Smith noted that Chicago is a more affordable place to live than many other major cities, which helps attract the pool of talent from which Simple Mills recruits. Handling all of its recruiting internally, the company also seeks employees who are committed to building a better food system.
“We hire people who are passionate about changing the way they are eating and are passionate about our mission,” Smith said. “So in a lot of ways we are actually hiring our consumer.”
For Farmer’s Fridge, the biggest advantage of a Chicago base is the city’s deeply rooted history as a centrally located logistics hub for the food industry. This helps the company meet its commitment to keep its hundreds of fridges—now in several major Midwestern cities as well as New York and Philadelphia—stocked with fresh, peak-tasting food.
“It’s made fresh daily, and it’s growing,” Brennan said. Drawing chuckles from the audience when he said, “Made Fresh Weekly is not a good value proposition,” Brennan concluded, “So we really need to have this moving quickly.”
To keep the line moving as consumer demand for its products expands, Farmer’s Fridge recently relocated its production kitchens from its original tiny location in the West Loop to a 50,000-square-foot facility on the city’s southwest side, and Brennan said that city officials have been supportive of the company throughout its rapid rise.
Seidensticker noted that Vital Proteins’ innovation and stratospheric growth has created its own set of distribution issues. The company’s collagen powders have a long shelf life and are relatively light to ship, so production initially was centralized in Chicago. But the introduction of collagen-infused beverages—“You are shipping water, right?”—prompted Vital Proteins to create regional manufacturing and distribution centers in metro areas such as New York and Los Angeles.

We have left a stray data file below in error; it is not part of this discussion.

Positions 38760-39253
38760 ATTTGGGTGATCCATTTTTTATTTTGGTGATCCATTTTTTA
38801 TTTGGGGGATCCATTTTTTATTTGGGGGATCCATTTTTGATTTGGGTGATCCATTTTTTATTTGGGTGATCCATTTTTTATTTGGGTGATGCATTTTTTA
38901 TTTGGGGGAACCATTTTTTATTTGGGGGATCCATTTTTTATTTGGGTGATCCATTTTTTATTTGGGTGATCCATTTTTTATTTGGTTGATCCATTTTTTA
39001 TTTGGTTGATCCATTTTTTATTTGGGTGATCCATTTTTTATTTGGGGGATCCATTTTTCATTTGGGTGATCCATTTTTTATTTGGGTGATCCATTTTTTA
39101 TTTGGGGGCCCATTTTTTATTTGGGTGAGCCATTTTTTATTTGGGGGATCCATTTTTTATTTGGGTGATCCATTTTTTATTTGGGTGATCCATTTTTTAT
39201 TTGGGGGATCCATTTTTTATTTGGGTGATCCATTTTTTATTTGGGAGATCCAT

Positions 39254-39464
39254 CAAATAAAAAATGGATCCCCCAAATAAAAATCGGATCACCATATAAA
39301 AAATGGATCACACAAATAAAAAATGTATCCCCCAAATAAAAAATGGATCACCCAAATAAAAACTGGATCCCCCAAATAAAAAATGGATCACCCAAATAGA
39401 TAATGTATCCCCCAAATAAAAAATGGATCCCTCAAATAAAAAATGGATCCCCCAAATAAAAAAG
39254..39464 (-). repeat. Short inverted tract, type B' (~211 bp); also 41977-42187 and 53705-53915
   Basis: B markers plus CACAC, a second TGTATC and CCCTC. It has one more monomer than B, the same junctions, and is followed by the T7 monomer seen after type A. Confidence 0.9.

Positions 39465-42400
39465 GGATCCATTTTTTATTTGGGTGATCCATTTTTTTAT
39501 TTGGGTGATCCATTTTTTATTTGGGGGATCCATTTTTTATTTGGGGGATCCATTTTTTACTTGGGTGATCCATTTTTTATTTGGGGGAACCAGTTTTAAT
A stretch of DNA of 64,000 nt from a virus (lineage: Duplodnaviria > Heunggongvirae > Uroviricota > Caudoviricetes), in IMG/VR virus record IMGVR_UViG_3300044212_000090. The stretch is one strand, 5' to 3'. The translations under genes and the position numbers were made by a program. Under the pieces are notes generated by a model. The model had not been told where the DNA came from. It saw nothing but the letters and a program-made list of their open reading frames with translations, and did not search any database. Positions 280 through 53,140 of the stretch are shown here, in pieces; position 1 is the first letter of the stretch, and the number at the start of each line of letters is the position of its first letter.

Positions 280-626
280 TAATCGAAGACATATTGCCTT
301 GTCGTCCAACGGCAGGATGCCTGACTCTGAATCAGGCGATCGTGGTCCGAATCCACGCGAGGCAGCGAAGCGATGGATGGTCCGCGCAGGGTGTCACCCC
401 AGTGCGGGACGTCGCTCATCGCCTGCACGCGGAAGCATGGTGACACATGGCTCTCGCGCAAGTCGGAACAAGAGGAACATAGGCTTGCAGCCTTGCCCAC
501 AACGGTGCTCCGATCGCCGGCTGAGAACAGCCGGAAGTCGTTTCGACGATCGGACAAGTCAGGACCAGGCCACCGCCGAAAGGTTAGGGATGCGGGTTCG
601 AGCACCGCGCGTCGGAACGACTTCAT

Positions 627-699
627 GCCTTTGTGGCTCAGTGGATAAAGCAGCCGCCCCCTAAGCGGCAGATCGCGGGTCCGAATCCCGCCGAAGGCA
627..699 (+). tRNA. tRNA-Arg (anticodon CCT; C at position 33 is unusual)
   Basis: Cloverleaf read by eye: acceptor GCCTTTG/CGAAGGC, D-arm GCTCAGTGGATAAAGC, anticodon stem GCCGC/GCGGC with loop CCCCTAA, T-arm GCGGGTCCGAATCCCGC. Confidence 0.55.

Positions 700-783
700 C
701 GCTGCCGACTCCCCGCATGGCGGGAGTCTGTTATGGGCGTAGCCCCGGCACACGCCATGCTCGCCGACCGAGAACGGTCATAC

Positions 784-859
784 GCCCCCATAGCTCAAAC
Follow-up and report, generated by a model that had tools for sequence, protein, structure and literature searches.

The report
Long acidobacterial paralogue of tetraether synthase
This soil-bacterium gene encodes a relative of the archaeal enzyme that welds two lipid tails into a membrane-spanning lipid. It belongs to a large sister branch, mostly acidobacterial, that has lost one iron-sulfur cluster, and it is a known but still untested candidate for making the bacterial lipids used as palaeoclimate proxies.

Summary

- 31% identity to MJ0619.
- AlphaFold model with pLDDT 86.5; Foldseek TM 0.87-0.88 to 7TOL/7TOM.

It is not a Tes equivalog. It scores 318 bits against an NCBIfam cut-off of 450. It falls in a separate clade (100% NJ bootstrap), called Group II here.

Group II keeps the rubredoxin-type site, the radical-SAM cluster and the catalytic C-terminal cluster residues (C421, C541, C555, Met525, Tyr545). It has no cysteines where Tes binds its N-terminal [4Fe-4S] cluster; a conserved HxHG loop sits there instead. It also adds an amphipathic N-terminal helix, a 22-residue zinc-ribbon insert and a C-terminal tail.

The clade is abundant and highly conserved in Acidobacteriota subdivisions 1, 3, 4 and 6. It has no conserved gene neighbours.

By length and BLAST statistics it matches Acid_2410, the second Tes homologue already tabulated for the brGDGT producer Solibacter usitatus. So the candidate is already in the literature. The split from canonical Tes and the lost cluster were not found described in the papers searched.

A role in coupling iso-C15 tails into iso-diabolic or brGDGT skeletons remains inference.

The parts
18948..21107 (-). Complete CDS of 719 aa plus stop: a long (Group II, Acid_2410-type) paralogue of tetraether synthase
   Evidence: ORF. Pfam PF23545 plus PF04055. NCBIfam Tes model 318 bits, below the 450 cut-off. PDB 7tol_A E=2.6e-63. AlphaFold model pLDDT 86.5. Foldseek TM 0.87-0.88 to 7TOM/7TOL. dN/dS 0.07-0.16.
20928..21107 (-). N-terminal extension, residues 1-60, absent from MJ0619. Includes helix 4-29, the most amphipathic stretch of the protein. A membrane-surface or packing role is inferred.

To wrap up, Kirk asked each panelist where they expect their company to be in two to three years.
Seidensticker sees Vital Proteins moving beyond collagen and establishing itself as a broad-based wellness company (a concept that will be on display Jan. 30, 2020,when the company hosts a Naturally Chicago Winter Wellness event).
Smith sees Simple Mills expanding its efforts to promote better-for-the-planet practices, bringing sustainability to the category and reducing carbon in the atmosphere.
Brennan said Farmer’s Fridge is initiating research to explore how eating the nutritious food dispensed by its high-tech vending machines can improve health outcomes.
The Good Food and Natural Products industry is poised for major growth in the new decade that begins on Jan. 1, and Chicago is poised to continue its role as a leader in this movement.
Good Food Insights is an editorial partnership of New Hope Network’s Esca Bona thought-leadership platform; FamilyFarmed’s Naturally Chicago and Good Food Accelerator programs; and SPINS, the leading wellness-focused data technology company for the natural, organic and specialty products industry. Good Food Insights articles provide timely analysis of major trends and innovation in the national good food landscape.